With a few modifications, the rolling pins can be scaled down to half size or smaller
to give a rolling pin appropriate for young, up-
The necessary changes are to reduce the size of the bushings from 3/4” down to 3/8”
and use part of a 16 penny (16d) common nail instead of the 1/4” hex bolt. These
changes are necessary because of the smaller diameter of the body. Also, the handles
are reduced in length from typcially 3” down to about 1.75” for the scaled-
The body: For half scale, the body should be about 6” long and 1” in diameter. Drill a 3/8” hole to a depth of 1.5” in each end of the body.
The bushings: From a 1/2” dowel, cut the blanks for the bushings to a length of 1.25”. Drill the hole through the bushings with a #18 drill, which is 0.169” in diameter.
With the bushing blank centered on the hole (between a mandrel and a cone center), turn it down to a diameter of 3/8” so that it fits the matching hole in the body.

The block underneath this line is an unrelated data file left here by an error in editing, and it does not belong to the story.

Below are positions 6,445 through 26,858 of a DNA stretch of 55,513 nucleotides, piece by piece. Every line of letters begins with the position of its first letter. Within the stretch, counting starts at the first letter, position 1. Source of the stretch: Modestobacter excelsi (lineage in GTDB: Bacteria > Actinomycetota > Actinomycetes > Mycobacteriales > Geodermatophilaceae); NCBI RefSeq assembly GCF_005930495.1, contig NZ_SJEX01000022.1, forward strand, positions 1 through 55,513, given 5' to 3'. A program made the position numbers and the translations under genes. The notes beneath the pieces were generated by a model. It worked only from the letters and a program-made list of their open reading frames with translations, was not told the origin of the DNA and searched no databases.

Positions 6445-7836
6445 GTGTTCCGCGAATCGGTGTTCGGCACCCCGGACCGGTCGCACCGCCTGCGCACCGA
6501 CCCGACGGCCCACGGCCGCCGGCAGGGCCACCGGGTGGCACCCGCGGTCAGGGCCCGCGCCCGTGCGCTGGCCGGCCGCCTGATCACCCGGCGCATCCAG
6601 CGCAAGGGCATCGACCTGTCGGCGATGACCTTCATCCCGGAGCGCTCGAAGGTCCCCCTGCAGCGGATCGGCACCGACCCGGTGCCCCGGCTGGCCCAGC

The bolt: Instead of using a 1/4” hex bolt for the axle, use a 2.25” section of a 16d common nail, the diameter of which is about 0.163”. Note that “common” refers to a particular type of nail as opposed to an “ordinary” nail.
The handles: The smaller handles are turned by using the same procedure as for the
This means that the threaded mandrel (or screw chuck) also must be different. A #8 decking screw 2.5” long works well for the one I use. The details of this mandrel are shown in the diagram.
The procedure is the same as for full-
And that’s about it. The only tricky part is to find a nail, a drill bit for the handle, and a screw for the mandrel that are compatible. The hole in the handle should allow the nail to be driven in easily but with some resistance. The size of the screw used for the mandrel should be such that the handle can be screwed on easily by hand.
A young chef that receives a rolling pin as a gift will need something to roll. A web search for “play dough recipes” will turn up lots of hits. Some require cooking; others do not. Have fun!